Ramiro Barbuzano, Education Coordinator of the Pacific Marine Mammal Center, an organization which rescues seals and sea lions along the California Coast, said that she sees plastics such as those from the Los Angeles River directly impacting marine mammals. Stranded seals and sea lions rescued by the Pacific Marine Mammal Center will often have quantities of plastic present in their stomachs, a situation Barbuzano connects to sea lions mistaking plastic bags for squid. These plastic bags will then clog the sea lion’s digestive system, forcing them into slow starvation. This malnutrition accompanies injuries to seals and sea lions from fishing line, some of which may have originated in rivers such as the Los Angeles River.
In summary, then, plastic bags such as those which I witnessed while wading in Long Beach will enter the Los Angeles River from storm drains, carrying with them any absorbed toxins or native chemicals, and enter the ocean where they will break down into smaller pieces to negatively impact organisms at every level of the food chain. A rainstorm over the Los Angeles River thus begins a long-term chain of reactions which can reach all the way to the other side of the Pacific, harming organisms at every level of the food chain.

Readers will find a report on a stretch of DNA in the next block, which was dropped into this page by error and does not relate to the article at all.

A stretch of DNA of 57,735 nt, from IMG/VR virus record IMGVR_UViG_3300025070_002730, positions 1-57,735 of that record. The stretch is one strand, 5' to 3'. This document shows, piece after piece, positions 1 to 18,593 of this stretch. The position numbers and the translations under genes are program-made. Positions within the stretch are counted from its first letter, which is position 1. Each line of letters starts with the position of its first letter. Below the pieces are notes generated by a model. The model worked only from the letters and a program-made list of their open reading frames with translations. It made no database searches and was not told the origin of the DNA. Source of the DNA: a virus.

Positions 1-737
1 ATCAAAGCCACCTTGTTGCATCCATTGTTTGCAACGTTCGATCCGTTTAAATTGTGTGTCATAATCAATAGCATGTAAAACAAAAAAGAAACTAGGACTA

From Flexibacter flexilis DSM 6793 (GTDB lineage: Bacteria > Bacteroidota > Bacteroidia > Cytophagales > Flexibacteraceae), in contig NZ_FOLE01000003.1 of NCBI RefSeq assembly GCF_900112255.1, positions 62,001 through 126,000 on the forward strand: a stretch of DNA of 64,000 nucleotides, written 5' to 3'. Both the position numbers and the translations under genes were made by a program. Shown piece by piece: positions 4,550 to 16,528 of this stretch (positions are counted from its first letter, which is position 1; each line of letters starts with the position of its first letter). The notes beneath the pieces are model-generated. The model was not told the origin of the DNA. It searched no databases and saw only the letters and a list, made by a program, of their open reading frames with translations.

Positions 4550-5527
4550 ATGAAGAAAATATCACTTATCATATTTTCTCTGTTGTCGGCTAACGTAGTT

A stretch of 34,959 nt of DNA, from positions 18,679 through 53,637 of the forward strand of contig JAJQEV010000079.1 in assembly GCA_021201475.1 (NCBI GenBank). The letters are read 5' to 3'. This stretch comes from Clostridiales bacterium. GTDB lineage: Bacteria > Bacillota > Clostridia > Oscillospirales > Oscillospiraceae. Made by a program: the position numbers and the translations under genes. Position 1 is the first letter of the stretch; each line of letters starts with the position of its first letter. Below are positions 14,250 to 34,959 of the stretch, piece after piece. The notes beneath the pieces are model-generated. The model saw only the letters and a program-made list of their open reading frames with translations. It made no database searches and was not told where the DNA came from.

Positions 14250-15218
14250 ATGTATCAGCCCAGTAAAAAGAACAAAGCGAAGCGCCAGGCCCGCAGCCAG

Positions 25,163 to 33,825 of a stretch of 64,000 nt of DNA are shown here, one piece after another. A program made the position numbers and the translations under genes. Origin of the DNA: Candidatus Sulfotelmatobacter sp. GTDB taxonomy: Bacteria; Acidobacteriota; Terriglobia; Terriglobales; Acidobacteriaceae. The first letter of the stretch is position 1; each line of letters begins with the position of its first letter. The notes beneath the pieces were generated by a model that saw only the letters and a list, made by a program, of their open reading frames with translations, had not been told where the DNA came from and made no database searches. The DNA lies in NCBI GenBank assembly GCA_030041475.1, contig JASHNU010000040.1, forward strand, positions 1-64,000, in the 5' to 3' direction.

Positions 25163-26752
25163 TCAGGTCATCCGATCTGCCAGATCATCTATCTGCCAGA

What, then, can we do to help? The first answer is simple: use less plastic, and keep what we do use out of the ocean. Recycle plastics, and take a few minutes to pick up any plastic debris you might see on the street, at the beach, or along rivers. The Los Angeles River deposits a vast amount of debris into the ocean, but every piece of plastic that enters the ocean starts that journey because of somebody’s decision. It only takes one plastic bag to starve a sea lion.
The second answer is more long-term. There is a reason that Algalita’s name lists “education” alongside “research,” Lattin says: Research is nothing unless it goes somewhere. That is what Algalita aims to do: to re-define the public’s view of plastic by showing and sharing that plastic is not inert, but has the potential to alter environments in a negative way unless it is stopped.
But this story has a positive side as well. If every piece of plastic that ends up in the ocean is a decision, then that also means that every piece of plastic that stays out of the Los Angeles River is a decision as well as a victory. We have the chance to fill our lives with those victories. The plastic bags that wrapped around my feet as a child aren’t a failure; they are an opportunity. An opportunity the Los Angeles River and the rest of the Pacific Ocean are waiting for us to take.